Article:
For keeping up with affiliate dues we are grateful to:
Madison Area WTR/Alternative Fund, Wisconsin
Michiana War Tax Refusers, South Bend, Indiana
Pioneer Valley War Tax Resistance, Brattleboro, Vermont
The Network list has been updated and the latest contact information is online at nwtrcc.org/contacts_counselors.php or request a printed list by mail from the NWTRCC office, email@example.com or toll free: 1-800-269-7464.
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Originally printed in "Conscience Update," Autumn 2012, this is a slightly edited version of an article by the staff of Conscience, Taxes for Peace Not War, located in London, England.
Hypothecation is the process of assigning tax revenues to a specific end. Conscience advocates for an update in the law so that those with a conscientious objection to military taxation can have the part of their taxes that currently go towards war and the preparations for war go to other forms of security instead. We are not campaigning for a change in the amount spent on security and defense, but a change in the way the money is spent. We believe that there are other more effective (and cheaper) ways of providing national security that do not require our taxes being used to kill.
A common argument used against our proposal is that if conscientious objectors won the right to divert taxes away from military expenditure, a range of other groups and individuals would demand a similar right to divert their taxes away from paying for state education, new roads or the National Health Service, for example. However, the peace tax case is different for a number of reasons, the major one being that the military intentionally kill and harm people as part of their role. No other area of government spending does so.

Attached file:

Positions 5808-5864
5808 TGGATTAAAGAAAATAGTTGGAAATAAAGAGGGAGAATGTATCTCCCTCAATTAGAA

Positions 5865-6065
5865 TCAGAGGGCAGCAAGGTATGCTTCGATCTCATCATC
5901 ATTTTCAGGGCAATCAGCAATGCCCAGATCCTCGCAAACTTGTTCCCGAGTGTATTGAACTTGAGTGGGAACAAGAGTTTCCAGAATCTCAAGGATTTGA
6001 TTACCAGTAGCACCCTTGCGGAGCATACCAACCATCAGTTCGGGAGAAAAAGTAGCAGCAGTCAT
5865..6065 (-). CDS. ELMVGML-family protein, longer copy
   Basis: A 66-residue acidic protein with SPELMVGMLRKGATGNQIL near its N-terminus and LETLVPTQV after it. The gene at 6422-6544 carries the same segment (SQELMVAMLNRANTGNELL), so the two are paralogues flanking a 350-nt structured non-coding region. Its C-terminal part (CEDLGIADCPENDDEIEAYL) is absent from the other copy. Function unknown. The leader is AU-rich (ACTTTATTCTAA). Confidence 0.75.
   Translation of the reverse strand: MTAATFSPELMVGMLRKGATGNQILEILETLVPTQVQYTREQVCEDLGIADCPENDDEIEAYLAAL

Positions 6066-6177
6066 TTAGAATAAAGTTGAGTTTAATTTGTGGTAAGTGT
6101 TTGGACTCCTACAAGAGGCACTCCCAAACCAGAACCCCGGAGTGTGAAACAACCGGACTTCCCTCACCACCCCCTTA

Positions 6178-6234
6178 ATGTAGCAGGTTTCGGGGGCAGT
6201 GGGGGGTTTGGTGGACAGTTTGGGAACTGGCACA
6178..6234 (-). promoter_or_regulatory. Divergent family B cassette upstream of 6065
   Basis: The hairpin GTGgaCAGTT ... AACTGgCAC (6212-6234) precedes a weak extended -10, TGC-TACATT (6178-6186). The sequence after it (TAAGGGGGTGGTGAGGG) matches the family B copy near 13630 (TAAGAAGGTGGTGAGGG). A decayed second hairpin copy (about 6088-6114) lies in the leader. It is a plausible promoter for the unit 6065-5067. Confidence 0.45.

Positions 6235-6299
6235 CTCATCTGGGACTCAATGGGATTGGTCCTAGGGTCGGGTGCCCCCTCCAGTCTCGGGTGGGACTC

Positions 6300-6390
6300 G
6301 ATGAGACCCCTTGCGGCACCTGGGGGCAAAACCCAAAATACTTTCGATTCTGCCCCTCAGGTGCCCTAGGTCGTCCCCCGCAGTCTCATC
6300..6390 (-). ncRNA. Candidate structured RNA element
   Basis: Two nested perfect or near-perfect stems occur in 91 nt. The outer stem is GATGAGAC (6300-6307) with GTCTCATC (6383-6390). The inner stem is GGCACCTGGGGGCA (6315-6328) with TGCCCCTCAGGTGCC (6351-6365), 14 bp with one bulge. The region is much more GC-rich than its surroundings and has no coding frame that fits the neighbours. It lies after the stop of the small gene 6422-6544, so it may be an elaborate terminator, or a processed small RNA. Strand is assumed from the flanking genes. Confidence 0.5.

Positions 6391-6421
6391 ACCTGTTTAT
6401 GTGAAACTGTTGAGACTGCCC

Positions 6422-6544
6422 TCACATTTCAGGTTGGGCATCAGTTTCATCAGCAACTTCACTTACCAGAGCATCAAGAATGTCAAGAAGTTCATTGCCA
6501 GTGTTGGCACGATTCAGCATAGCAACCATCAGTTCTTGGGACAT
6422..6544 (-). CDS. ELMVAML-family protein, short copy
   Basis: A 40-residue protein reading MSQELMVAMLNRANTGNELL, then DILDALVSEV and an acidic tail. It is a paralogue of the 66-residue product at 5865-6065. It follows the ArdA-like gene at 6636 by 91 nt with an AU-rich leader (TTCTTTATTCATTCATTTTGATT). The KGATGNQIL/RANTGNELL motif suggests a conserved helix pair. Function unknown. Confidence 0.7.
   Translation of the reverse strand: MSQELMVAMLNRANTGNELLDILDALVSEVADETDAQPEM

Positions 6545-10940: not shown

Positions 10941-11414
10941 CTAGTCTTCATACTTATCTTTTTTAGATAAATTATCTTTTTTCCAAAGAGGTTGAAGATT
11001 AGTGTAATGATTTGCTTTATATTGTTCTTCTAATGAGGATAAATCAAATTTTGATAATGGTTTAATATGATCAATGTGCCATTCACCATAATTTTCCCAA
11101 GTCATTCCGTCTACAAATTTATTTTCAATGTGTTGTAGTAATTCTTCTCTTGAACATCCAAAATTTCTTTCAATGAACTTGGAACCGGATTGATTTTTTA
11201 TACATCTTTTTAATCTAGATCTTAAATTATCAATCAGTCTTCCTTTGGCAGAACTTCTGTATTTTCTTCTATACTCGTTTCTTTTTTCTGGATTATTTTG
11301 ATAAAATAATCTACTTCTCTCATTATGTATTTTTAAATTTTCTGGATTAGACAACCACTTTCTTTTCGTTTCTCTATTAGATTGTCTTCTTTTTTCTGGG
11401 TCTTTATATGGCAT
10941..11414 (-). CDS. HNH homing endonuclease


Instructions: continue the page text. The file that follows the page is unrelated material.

Secondly, the desire not to contribute to state education, for example, or not to contribute to road building via taxes, is a political objection, not one based on conscience. There are very few areas where the claim of conscience is recognized in law. One is conscientious objection to military service, the right we are trying to extend to cope with the changed nature of warfare. Another is the right of Sikhs being exempt from wearing motorcycle helmets as this would force them to remove their turbans. Before capital punishment was abolished in the UK one also had the right to refuse to perform executions. We are not talking about political objections but those driven by conscience that also have a legislative precedent.
Thirdly, there is parliamentary precedent from the 1916 Military Service Act. This Act introduced military conscription for the majority but by establishing the right to conscientious objection also recognized the rights of a minority to not be complicit in killing. When conscientious objection was recognized in 1916, a form of "alternative service" was available to conscientious objectors, e.g. working for an ambulance service. That choice of alternative service is not available to objectors who are required to pay for the military regardless of matters of conscience. We are asking for a new form of alternative service: one that allows conscientious objectors to pay the military part of their taxes to a non-military fund and thus providing a means by which conscientious objectors can contribute to security and safety in good conscience.